5 Things to Hate About Forever 21
Written by Aurora Hinz, Edited by Allison Fern Clausis
The U.S. Department of Labor has cited Forever 21 multiple times, within consecutive years (2008 and onward). Not only do they have unsafe working conditions for workers in their U.S. retail stores, but “since 2008, the department has found about a dozen manufacturers that work with Forever 21 have sweatshop-like conditions (The Fashion Law, 2012).” The LA Times wrote that “the Department of Labor discovered labor violations at 85% of the factories it visited during that four-month period and ordered the suppliers to pay $1.3 million in back wages, lost overtime and damages (Kitroeff, Kim, 2017).” However, this was never enough to waiver the brand’s success.
Currently, there are and have been countless lawsuits against the brand for copying others’ designs, violating trademarks, and copyrights. The brand has been accused of stealing designs from indie brands and Etsy shop owners, to big brands like Gucci, Vetements, Puma, and Adidas (N.J., 2017). Just try Googling, “Forever 21 copying”, and you’ll notice that there are more than 5 million results that come up along with it!
In February of 2016, Mickael Louis, a former assistant store manager at Forever 21 cited racial and sexual discrimination. He claimed that other managers of the same Forever 21, “subjected him to ‘same-sex sexual harassment, [and] racist nicknames [such as “Nutella”] and ridicule,’ as well as making crude comments about the size of his genitals” (The Fashion Law, 2016).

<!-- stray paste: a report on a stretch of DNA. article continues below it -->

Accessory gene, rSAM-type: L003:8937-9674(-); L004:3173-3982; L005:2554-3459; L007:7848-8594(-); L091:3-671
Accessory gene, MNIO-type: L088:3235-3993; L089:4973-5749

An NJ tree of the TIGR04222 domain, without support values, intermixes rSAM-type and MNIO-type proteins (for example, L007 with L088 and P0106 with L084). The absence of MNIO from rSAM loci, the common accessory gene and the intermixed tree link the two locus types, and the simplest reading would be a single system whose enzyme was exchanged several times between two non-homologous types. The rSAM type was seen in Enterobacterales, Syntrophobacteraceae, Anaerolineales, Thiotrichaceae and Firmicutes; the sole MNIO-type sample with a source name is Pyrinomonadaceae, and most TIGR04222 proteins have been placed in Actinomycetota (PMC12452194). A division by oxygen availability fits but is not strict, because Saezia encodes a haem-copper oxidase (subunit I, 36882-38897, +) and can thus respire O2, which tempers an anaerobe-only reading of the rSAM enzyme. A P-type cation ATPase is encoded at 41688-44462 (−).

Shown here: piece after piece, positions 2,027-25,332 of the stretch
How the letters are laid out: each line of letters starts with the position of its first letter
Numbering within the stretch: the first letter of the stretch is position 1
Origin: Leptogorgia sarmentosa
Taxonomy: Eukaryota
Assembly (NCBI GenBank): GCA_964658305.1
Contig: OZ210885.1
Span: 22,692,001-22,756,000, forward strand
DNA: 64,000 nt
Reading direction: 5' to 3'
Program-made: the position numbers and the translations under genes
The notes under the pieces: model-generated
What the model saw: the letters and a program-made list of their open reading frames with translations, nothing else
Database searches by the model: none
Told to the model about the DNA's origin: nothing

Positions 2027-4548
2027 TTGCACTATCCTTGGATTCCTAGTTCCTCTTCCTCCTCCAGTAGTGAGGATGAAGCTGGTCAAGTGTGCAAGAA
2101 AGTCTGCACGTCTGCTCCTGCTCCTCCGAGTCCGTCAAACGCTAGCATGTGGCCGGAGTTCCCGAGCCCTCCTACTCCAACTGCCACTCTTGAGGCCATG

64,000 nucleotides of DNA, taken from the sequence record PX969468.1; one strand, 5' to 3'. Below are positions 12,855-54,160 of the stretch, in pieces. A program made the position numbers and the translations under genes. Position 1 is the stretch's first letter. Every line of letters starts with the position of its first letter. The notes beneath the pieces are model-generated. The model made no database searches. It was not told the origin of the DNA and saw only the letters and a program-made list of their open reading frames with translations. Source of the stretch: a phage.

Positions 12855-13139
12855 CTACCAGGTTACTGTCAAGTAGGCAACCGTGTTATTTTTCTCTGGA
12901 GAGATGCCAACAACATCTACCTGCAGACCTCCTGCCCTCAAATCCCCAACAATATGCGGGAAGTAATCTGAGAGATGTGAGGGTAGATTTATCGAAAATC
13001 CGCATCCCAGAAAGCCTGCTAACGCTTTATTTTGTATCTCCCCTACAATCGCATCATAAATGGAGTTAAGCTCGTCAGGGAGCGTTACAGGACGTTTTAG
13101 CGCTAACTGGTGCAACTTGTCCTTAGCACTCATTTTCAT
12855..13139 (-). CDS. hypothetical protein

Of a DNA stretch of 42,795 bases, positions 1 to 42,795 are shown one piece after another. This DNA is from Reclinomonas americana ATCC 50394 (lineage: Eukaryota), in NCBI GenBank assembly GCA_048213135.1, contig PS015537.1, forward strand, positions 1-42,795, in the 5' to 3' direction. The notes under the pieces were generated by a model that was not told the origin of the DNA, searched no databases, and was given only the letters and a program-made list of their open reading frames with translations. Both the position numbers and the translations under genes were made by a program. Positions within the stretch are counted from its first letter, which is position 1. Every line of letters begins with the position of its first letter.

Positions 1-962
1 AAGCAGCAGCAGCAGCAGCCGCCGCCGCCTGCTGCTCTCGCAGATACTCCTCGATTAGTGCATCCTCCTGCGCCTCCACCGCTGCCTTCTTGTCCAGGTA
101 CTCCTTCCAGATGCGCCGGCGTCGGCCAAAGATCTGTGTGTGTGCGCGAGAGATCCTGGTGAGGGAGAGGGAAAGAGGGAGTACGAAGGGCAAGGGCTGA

In April of 2015, 22-year-old Alexia Daskalakis filed a lawsuit claiming that “the fast fashion giant's male supervisors insulted her and subjected her to bias because of her transgender identity” (The Fashion Law, 2015). This discrimination included her managers calling her, “a ‘hot mess,’ ‘useless,’ and ‘disgusting,’ told her that she looked ‘offensive,’ and that ‘in my eyes and in the company’s eyes, you’re still a male.’” On another occasion, one of the same managers told Daskalakis that “you used to be a hard worker when you were a guy, but not anymore” (The Fashion Law, 2015).
We’ve all seen the trendy and bold graphic tees with things written on them like, “Femme,” “Feminist,” “Girl Boss,” etc., but should a clothing company that oppresses and exploits labor from women really be profiting off of the feminist movement (Bills, 2014)? How can you really be pro-women when you are constantly ripping designs off other women, exploiting the labor of women, and even discriminating against them in the workplace? We won’t stand for the hypocrisy of fast fashion giants like Forever 21 any longer!
“Forever 21 prints John 3:16 on its shopping bags, reportedly keeps Bibles at company headquarters, and was founded by the deeply religious Do Won Chang and Jin Sook, who don't shy away from their faith. (McGregor, 2013).” Now, this verse word for word from the Bible is: “For God so loved the world that he gave his one and only Son, that whoever believes in him shall not perish but have eternal life. (Biblica, 2011)” The owner, Chang, explained in a CNN interview last year, that with this verse "[they] hoped others would learn of God's love” (McGregor, 2013). Many followers of the Christian faith have pointed out the hypocrisy of this scripture on the bag. One person points out that the greed that runs this company and allows it to remain harmful to all life, would NOT have been accepted by Jesus, and should not be accepted by his followers (posted on Forever 21’s facebook page).